The opinions of some actual musicians:
“”I don’t know what this means. I don’t think it means anything.” Eddie Vedder, on receiving a Grammy
“Why don’t the Grammys matter? Because it feels rigged and cheap — like a popularity contest that the insiders club has decided”
“I think the Grammys are nothing more than some gigantic promotional machine for the music industry. They cater to a low intellect and they feed the masses. They don’t honor the arts or the artist for what he created. It’s the music business celebrating itself. That’s basically what it’s all about.”
“the Grammys represent something outside of the real world of music “that’s fully industry based”.
“Everyone should go home, this is ridiculous. You should not be doing this. We should not be gathering in a big room and looking at each other and pretending that this is important.”
the old Dan McLean song
”’Cause fire is the devil’s only friend
Oh, and as I watched him on the stage
My hands were clenched in fists of rage
No angel born in Hell
Could break that Satan’s spell
And as the flames climbed high into the night
To light the sacrificial rite
I saw Satan laughing with delight
The day the music died
He was singin”’
Really Satan owns the entertainment Industry – does not even hide anymore, the industry has so become in thrall to evil,,,,,
Brain-dead rubbish. The Grammys are a reliable indicator of the kind of strutting middle class popsters whose outputs should be avoided at all costs. Popular music now is in a worse state than before punk.
“Petras remarked after the show that she had intended to shock religious Christians, given that they’re not accepting of her lifestyle, and that mission was clearly accomplished.”
Aww – bless him!
What she should have said was, “I am a coward really but I want to make out that I’m dead edgy and shocking and well, let’s face it no one cares about Christians….I mean, I wouldn’t dare to try and shock anyone from any other religion even if they don’t accept my lifestyle. No way would I offend them because they might come after me and not turn the other cheek.”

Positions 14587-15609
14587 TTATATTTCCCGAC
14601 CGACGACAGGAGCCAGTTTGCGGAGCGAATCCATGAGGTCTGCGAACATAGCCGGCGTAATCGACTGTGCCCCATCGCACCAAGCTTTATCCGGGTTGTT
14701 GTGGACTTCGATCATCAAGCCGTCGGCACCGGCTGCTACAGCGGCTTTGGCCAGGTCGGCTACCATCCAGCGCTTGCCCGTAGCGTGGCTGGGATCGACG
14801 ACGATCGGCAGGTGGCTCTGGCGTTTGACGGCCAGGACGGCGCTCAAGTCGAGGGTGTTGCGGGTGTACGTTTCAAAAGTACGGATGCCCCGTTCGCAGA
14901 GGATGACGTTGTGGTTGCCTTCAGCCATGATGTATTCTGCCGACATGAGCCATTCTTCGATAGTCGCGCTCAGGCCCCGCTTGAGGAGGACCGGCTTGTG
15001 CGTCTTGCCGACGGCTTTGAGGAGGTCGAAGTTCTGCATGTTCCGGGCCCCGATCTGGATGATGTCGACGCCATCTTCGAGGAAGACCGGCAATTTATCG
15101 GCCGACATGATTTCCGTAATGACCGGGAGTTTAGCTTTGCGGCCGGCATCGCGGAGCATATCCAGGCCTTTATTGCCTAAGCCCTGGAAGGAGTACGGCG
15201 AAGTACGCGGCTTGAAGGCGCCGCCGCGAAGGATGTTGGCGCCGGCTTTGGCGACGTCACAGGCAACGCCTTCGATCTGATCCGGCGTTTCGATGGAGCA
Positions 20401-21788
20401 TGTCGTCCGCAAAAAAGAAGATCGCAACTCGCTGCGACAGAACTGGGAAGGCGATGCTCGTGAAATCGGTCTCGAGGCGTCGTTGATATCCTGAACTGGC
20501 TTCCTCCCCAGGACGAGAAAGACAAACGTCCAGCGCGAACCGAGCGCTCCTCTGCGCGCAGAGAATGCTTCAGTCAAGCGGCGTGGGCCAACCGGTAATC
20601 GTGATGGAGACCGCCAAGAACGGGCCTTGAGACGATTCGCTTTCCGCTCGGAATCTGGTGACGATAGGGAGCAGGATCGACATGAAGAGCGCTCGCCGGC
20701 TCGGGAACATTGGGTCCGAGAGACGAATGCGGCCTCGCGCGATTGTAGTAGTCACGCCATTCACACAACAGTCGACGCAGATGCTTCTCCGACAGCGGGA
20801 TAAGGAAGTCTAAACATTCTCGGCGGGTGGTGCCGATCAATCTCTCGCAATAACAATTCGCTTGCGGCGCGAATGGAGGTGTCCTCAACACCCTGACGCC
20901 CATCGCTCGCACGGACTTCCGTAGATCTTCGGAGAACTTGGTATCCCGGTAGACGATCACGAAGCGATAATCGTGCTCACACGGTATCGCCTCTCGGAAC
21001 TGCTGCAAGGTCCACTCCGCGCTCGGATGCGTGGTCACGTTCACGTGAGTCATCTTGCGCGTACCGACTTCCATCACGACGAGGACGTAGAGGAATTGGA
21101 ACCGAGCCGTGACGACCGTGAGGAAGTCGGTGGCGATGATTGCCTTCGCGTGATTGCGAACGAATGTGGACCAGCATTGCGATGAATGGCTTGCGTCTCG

Yes, why wouldn’t they attempt to shock a Muslim, who would throw them off a building? How courageous!
Does anyone reading Unherd care about this?
Some of the religious nutters who congregate on the comments section clearly do.
I did not read the article, but I are greatly that society is sick and evil….
It’s not sick and evil though is it. Most people are thoroughly decent and just get on with their lives and ignore all this nonsense the same way they have for decades. There’s always been attention seekers and always will be, it’s just now social media coupled with lazy journalism means they get more attention than they deserve
but I are greatly that society is sick
What does this even mean?
Think maybe he meant to say *care* greatly that society is sick which is very much the case and and difficult to argue with and yet here you doing so -repeatedly
If if wasn’t for the controversy, hardly anyone would have known The Grammys happened. Give it a few more years and people will be going, “oh the Oscars happened last week?”
From Charlie Parker and Thelonious Monk to Cardi B and Megan Thee Stallion in three generations. That must be the fastest civilisational decline in history.
I’ve noticed a sea change in the attitudes of celebrities. Where once they used to cavort around their stages sticking it to the establishment, they now have become the very mouthpieces for the establishment.
It’s like listening to this: https://www.youtube.com/watch?v=y5zQTmkY7GI
but in drag.
Not a good indication the article will be balanced when the author uses the term “nonbinary” without putting it in quotes.
I didn’t watch it and I’d bet not many others did either. Most of their ‘music’ is tiresome schlock.